Coating cancels acoustic scattering from odd-shaped objects
In a new twist, a team of researchers from the U.S. Naval Research Laboratory and the University of Texas at Austin has applied to acoustic waves the concept of "scattering cancellation," which has long been used to systematically cancel the dominant scattering modes of electromagnetic waves off objects.
The work provides fundamental new tools to control acoustic scattering and should improve the ability to make acoustic measurements in the laboratory. It is described this week in the Journal of Applied Physics.
"Scattering" occurs when an object has material properties different than those of the medium surrounding it, such as air or water, and its "mode" is characterized by the way waves bounce off of it. By applying a coating with the appropriate material properties, electromagnetic scattering modes can be cancelled—a process known as "scattering cancellation."
It turns out that this applies equally well to other types of waves, such as acoustic waves. As the team reports this week, the principles of scattering aren't limited to electromagnetic waves but are a fundamental feature of how any type of wave interacts with its environment.
"Scientists have spent many years studying mathematical solutions to discover how waves scatter from simple objects, such as spheres or cylinders. In most cases, they've attempted to solve the 'forward problem' to determine what the scattered field will look like for a particular object," says Matthew Guild, a National Research Council postdoctoral research associate at the U.S. Naval Research Laboratory.
For scattering cancellation, a scattered field of zero is desirable, so the team set out "to explore the 'inverse problem' of determining which coating properties could provide this result," he said. "It's actually a bit tricky because there are so many possible solutions—most, however, aren't practical."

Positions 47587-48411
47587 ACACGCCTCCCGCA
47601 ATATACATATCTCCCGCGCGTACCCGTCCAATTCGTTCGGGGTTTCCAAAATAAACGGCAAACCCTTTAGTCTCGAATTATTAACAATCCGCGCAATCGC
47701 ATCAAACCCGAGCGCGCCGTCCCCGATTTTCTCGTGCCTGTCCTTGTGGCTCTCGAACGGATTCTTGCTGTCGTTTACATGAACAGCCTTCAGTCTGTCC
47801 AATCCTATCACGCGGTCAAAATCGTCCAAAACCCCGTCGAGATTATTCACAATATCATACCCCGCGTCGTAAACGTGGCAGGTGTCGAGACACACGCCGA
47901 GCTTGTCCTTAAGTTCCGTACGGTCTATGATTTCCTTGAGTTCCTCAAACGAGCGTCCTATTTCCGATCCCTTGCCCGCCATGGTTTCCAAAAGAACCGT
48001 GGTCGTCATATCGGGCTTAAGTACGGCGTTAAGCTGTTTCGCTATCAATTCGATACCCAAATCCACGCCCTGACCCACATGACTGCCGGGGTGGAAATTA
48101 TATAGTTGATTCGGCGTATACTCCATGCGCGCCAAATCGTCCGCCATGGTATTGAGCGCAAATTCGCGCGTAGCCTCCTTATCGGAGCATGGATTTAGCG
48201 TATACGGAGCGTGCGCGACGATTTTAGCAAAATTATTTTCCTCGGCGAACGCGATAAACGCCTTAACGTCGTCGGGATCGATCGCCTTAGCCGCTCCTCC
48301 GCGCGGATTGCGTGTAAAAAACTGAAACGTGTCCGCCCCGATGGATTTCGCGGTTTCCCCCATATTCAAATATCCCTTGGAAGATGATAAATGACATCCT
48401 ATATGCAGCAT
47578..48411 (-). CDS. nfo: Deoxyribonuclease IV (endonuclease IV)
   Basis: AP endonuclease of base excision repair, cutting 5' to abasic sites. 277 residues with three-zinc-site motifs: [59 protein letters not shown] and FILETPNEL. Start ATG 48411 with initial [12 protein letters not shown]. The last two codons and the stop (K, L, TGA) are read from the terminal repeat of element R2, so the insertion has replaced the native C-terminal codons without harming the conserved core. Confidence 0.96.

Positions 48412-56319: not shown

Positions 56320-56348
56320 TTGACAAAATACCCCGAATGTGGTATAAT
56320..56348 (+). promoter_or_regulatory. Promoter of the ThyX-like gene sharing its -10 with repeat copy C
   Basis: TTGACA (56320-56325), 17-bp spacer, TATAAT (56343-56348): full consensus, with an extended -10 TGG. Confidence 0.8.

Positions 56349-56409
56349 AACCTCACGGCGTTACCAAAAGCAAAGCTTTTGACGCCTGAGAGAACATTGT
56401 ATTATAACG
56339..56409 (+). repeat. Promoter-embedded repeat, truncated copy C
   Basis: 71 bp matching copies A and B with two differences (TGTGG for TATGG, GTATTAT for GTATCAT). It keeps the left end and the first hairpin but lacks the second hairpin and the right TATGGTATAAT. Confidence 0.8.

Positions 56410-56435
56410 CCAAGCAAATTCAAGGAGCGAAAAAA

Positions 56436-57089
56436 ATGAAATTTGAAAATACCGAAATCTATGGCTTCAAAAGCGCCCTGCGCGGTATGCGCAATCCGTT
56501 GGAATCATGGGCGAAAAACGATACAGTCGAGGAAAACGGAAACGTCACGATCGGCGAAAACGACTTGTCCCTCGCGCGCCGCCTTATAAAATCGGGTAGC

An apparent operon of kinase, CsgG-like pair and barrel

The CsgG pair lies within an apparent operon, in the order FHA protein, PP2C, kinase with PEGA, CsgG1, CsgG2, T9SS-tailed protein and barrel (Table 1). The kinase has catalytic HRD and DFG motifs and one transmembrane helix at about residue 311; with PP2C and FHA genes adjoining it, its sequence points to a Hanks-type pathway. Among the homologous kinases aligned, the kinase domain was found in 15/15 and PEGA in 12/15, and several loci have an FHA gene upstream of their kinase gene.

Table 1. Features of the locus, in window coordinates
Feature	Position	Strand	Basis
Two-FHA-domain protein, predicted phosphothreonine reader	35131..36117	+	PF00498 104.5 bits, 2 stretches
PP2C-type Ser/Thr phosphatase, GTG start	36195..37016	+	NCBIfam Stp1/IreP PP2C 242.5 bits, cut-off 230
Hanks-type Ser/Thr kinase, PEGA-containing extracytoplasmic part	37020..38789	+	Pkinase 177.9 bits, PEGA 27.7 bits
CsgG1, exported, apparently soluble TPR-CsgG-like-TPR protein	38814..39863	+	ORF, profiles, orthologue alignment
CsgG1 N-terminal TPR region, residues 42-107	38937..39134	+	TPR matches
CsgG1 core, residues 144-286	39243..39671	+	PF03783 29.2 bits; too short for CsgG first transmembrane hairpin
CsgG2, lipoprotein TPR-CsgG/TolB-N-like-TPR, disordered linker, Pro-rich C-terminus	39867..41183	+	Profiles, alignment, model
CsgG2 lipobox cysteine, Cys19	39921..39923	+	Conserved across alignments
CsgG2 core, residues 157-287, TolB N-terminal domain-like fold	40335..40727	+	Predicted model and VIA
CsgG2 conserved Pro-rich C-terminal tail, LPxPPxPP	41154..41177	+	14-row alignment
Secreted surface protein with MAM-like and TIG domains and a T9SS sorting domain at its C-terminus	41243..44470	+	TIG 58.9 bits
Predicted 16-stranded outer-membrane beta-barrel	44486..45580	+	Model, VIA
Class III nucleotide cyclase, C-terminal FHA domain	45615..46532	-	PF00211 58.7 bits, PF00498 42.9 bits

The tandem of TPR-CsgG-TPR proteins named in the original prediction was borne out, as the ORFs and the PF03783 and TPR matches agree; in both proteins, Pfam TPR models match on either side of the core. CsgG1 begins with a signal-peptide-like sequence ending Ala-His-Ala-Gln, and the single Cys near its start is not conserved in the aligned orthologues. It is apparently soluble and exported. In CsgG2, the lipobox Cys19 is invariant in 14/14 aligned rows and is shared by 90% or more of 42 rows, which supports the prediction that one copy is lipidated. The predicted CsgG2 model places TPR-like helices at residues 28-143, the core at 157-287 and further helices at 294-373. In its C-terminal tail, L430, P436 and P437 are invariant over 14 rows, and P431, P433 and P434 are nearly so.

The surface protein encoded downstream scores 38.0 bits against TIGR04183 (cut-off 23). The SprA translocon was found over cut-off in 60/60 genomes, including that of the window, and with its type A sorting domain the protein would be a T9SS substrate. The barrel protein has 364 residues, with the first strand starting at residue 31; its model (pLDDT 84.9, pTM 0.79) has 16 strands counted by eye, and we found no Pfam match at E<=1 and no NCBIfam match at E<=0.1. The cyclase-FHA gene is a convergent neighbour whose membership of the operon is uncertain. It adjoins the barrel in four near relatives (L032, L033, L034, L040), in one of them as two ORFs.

A team at the Naval Research Laboratory previously focused on a particular set of solutions involving polydimethylsiloxane (PDMS)—a silicon-based organic polymer—to make coated objects "feel" as if they have the same properties as water. "These solutions are quite robust and can work for a wide range of conditions," Guild pointed out.
The key significance of this work? It's the "formulation of a more general approach using acoustic scattering cancellation for complex, odd-shaped objects," said Guild. Previously, the approach was considered only for relatively simple shapes such as solid spheres and cylinders.
"Using a coating that consists of two thin fluid layers, we theoretically demonstrated a significant reduction in scattering strength and confirmed it via 3-D finite element model (FEM) simulations," he explained. "To put the magnitude of this reduction into perspective, in air this is equivalent to going from the level of a 'two-person conversation' down to that of 'rustling leaves.' This effect works even when the coated object is placed next to other objects."
Perhaps the most relevant implications of the team's work are its potential to improve acoustic laboratory measurements. "A fundamental principle of probing and investigating physical systems is that the measurement process can inherently disturb the system—sometimes referred to as 'the observer effect,'" noted Guild.
At the quantum level, this is quantified by the well-known Heisenberg uncertainty principle. "While the uncertainty principle doesn't restrict macroscopic measurement devices, in practice there are many other real-world limits on the measurements of acoustic waves that can lead to a disruption of the sound field being investigated," he added.
For acoustic systems, this sound field disruption can be minimized via a very small hydrophone. But "the electronics, cabling, and housing necessary to make the hydrophone work—and keep it protected from the environment—are often quite large and can significantly disrupt the field," Guild said.
Scattering cancellation allows the scattered field outside of the coated object to be significantly reduced—without reducing the field on the interior. "This allows us to consider the potential of an ideal acoustic hydrophone, one that enables the measurement of sound in a laboratory setting without disturbing the acoustic field," he said.
While the team's current work focuses on developing a more general acoustic scattering cancellation formulation using theoretical analysis and numerical simulation, their goal moving forward is to "experimentally verify these results" by building on acoustic scattering cancellation experiments demonstrated at the U.S. Naval Research Laboratory.